The last piece of this story that I want to unfold is: why was it necessary for Jesus to be born of a virgin?
All throughout the Bible, God required a perfect sacrifice to be made before Him to pay for sin committed. In the Old Testament, God’s law required His people to sacrifice “unblemished” lambs, bulls, and goats. If the sacrifice wasn’t perfect before God, it was unacceptable. In the same way, for Jesus to be the perfect and final sacrifice, He must be perfect and unblemished before God. Ever since Adam sinned in the garden, every human being has been born into sin, and the Bible depicts sin nature passing down from generation to generation through the father (Romans 5:12,17,19). It was critical Jesus not to be “born in sin” so that He could fulfill His role as the perfect sacrifice. This is why the Holy Spirit conceived Jesus in Mary’s womb, so that Jesus could circumvented the transmission of the sin nature and become a perfect man.
This little story has more depth than you thought, didn’t it? Its read every year at Christmas, but certainly worth celebrating the entire year. It marks the beginning of Jesus’ life on earth, and is absolutely crucial to the fulfillment of the rest of His mission. Jesus wasn’t only born in a dirty manger, but He would die on a bloody cross.
Tune in next week for part 4 of this series.
In Part 1 of this series, we took a look at the historical perception of Jesus among theologians, scholars, and historians alike. We did this in order gain a holistic view of the basic knowledge that most people have about Jesus. We learned that He was a man who lived 2,000 years ago, who claimed to be divine and changed the world through His followers after His death. But who was He, really? What did He teach? What did He do?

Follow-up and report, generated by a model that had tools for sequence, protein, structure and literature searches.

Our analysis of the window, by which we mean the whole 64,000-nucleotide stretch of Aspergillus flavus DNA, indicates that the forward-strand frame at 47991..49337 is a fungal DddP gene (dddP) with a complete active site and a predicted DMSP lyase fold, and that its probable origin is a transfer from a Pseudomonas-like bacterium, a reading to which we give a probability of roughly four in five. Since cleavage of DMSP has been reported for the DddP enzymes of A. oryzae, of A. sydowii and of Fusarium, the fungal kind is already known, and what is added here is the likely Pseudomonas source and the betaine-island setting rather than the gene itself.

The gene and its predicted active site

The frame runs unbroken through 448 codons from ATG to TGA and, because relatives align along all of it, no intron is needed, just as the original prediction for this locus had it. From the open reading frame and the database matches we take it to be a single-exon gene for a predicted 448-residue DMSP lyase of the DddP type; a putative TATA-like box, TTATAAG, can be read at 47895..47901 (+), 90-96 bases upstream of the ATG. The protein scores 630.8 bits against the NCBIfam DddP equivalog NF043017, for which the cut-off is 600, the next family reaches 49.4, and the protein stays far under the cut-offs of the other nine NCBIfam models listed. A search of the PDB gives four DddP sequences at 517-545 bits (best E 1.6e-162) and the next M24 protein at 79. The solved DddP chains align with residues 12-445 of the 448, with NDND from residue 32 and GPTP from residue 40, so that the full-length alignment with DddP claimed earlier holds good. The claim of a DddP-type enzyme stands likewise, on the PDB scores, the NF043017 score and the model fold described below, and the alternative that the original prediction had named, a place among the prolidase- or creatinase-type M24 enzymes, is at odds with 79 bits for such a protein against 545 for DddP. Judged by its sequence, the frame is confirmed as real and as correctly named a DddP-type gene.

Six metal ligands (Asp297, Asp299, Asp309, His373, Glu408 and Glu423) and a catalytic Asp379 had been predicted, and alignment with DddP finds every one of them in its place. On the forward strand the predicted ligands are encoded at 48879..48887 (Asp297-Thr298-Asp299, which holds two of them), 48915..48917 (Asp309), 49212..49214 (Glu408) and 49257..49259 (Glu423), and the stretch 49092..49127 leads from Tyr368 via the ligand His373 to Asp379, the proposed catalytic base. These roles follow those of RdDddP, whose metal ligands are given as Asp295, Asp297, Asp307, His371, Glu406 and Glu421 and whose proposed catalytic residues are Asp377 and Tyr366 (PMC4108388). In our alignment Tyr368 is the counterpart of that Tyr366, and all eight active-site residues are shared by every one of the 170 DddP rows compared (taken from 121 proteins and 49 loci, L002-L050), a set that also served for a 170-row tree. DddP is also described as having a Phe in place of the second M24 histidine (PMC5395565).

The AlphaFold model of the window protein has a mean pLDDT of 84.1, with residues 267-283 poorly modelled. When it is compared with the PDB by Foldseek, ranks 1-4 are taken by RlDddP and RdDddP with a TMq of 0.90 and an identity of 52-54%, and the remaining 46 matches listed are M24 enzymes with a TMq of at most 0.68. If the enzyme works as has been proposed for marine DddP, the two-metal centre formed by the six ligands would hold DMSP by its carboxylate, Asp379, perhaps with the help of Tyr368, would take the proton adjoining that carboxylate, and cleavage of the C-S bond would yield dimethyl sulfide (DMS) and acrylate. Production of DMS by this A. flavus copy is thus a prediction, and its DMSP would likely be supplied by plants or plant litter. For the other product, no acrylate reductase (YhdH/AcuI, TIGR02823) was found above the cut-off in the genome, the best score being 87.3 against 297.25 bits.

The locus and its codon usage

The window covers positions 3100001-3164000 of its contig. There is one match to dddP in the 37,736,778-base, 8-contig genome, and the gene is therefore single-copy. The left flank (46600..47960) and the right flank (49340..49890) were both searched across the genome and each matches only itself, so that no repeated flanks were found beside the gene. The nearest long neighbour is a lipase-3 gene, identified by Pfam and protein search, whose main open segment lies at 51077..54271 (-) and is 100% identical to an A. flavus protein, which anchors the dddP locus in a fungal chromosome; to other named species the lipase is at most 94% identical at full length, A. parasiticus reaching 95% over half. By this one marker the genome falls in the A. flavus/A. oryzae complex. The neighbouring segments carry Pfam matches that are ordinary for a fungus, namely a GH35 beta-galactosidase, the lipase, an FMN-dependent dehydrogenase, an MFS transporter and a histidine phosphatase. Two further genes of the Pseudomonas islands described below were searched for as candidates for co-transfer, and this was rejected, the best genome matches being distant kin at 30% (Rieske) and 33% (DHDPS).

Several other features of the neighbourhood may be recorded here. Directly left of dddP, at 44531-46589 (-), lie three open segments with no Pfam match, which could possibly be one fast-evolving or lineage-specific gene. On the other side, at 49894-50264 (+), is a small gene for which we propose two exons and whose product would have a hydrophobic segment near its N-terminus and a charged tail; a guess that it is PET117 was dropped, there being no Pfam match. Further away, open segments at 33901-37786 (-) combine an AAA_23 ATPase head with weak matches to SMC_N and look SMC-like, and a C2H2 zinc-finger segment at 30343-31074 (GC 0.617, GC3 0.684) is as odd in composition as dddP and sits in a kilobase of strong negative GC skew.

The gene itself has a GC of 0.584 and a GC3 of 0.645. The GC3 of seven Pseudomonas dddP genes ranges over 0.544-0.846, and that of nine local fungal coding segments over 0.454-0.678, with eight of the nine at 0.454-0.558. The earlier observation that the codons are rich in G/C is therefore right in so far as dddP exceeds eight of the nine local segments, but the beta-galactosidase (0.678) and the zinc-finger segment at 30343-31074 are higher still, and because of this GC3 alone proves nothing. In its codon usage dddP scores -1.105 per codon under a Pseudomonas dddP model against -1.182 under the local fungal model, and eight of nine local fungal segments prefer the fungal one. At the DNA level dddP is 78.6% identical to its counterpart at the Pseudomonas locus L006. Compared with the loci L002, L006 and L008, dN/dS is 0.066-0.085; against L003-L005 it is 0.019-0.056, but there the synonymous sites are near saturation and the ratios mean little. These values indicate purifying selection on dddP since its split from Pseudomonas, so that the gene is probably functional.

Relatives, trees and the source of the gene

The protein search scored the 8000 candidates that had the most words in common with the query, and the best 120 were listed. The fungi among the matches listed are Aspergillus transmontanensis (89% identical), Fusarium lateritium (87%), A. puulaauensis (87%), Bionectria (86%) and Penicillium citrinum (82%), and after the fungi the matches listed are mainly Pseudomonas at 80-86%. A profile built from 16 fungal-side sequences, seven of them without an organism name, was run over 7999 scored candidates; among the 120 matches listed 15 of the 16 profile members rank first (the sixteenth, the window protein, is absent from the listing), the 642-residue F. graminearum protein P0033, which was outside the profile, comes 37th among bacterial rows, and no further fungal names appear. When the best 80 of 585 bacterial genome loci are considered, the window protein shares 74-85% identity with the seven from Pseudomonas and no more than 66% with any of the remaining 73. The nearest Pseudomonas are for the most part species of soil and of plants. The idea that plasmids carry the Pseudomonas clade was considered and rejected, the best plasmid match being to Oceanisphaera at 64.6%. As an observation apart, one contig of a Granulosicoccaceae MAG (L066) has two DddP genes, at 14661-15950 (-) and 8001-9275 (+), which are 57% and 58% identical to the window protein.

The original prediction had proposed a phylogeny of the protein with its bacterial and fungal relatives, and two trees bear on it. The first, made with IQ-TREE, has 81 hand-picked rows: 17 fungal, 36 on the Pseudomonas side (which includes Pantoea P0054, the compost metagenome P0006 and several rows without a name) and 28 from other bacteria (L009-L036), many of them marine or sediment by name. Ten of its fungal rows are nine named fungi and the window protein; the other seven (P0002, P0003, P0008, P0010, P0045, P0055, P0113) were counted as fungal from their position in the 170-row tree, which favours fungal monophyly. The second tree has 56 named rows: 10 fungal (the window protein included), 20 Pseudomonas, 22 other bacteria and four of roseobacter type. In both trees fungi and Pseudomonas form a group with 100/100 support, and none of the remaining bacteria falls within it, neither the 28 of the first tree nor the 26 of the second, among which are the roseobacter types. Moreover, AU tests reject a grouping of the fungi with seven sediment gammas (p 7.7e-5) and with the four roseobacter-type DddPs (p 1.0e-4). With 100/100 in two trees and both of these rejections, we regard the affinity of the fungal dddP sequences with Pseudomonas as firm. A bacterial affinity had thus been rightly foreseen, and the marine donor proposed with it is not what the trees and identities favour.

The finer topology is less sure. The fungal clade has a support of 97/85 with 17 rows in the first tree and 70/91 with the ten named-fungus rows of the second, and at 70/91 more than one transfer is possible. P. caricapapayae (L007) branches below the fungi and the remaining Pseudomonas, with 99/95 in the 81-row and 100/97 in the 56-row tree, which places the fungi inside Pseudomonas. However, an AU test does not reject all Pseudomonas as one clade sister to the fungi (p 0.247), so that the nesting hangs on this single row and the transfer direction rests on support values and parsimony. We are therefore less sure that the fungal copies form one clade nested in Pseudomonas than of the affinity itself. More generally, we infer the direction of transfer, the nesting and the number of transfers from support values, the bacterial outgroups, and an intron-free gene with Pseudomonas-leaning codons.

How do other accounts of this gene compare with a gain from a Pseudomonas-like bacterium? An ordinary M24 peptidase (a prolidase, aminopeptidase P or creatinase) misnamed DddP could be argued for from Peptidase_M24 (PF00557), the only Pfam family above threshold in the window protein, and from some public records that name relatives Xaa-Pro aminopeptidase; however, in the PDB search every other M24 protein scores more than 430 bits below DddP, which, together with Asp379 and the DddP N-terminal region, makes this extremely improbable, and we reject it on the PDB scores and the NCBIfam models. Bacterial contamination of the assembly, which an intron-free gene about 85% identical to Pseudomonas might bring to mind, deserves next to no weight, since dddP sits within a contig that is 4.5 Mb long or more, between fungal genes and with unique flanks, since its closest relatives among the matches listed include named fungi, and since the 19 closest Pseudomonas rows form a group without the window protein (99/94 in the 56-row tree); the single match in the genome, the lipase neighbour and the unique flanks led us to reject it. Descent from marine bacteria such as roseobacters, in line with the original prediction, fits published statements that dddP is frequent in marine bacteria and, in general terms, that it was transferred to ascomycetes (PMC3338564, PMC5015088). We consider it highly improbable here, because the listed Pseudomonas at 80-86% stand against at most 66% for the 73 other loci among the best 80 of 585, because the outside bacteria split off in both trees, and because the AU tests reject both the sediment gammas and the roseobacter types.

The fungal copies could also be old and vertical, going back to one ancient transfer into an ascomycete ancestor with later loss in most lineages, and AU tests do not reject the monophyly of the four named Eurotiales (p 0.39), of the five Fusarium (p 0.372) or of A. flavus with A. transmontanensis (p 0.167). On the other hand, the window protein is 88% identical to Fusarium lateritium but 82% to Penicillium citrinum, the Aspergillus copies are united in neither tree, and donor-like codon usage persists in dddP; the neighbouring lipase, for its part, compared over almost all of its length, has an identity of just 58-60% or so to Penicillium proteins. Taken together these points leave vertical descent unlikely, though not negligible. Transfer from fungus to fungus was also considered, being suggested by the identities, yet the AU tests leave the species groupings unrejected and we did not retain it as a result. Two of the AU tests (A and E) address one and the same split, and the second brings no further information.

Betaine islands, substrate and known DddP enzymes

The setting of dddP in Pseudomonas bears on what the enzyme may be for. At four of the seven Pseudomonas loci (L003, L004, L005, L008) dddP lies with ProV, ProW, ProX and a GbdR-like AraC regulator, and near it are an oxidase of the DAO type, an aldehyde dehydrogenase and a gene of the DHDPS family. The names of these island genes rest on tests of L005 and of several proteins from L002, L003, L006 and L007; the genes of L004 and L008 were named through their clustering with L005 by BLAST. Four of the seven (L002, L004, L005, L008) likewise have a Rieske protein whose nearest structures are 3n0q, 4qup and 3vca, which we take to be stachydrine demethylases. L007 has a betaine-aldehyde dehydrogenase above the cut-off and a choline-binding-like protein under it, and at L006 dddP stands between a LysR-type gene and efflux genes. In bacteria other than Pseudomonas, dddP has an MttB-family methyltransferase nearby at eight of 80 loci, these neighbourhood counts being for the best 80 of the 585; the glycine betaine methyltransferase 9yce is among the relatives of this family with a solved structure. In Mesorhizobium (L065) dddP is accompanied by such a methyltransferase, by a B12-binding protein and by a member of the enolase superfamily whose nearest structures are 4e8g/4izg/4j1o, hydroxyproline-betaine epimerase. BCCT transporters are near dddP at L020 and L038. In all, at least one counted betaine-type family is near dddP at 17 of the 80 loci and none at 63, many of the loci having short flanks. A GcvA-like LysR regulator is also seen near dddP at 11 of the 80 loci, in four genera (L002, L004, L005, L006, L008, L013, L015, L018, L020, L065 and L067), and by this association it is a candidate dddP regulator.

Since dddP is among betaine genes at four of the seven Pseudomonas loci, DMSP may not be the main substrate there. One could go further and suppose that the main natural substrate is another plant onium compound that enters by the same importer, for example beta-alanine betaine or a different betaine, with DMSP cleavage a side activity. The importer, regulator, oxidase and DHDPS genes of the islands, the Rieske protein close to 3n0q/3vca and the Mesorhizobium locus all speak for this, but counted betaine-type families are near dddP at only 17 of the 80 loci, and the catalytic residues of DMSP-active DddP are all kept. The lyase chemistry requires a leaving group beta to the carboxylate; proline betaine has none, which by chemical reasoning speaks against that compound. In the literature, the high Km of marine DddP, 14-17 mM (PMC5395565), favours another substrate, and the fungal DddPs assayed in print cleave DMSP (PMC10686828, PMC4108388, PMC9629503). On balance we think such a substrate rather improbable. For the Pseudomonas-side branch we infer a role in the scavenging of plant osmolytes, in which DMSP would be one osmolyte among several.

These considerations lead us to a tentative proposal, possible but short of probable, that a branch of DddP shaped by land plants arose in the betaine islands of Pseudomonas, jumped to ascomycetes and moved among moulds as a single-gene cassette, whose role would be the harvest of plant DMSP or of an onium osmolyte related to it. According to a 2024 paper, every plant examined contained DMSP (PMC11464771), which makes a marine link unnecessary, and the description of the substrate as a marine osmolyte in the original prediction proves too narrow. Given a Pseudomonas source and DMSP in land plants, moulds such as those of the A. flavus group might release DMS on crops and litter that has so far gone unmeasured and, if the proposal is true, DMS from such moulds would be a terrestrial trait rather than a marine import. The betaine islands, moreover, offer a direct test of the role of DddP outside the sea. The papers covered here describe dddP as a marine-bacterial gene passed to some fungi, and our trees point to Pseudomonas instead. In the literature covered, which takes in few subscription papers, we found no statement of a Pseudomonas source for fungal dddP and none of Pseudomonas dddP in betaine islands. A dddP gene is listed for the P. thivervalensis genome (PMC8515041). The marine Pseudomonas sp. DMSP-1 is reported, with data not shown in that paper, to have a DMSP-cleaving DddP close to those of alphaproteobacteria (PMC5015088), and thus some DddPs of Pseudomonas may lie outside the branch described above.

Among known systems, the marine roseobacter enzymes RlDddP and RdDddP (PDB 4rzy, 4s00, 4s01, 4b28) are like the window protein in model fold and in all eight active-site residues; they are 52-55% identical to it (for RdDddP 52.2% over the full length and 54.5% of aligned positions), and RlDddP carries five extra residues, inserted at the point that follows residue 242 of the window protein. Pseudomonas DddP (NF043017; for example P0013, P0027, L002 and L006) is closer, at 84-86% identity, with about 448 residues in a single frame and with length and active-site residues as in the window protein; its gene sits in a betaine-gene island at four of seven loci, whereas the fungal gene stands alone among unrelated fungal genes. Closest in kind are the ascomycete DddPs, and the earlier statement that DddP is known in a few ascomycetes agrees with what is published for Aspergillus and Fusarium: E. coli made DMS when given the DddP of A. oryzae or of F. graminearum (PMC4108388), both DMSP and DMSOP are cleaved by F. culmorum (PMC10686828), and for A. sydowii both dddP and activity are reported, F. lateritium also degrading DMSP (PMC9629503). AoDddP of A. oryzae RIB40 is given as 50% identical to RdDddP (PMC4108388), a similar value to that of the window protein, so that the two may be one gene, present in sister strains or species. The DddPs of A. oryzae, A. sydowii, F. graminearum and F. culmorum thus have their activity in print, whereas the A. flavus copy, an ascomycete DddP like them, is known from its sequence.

We said that in order to answer these questions, we must take a look at the eyewitness accounts of those who knew Him best- His closest friends. Thankfully these documents have been faithfully recorded, handed down, and translated through many generations, producing an English text that is 99.9% accurate when compared to the original documents.
But, we will dive into those accounts in the next post. For now, I want to take a look at what was written about Jesus before the New Testament…what was written about Him even before He was born!
These writings about Jesus before His birth are called “prophecies,” and they are recorded in the Old Testament. In biblical times, if a “prophet” was truly sent of God, then what He said would come true. Many of these prophets (most writing about 600-1200 years before Jesus birth) spoke about a coming Messiah (a savior) that would save their nation, Israel. In fact there are over 353 of them!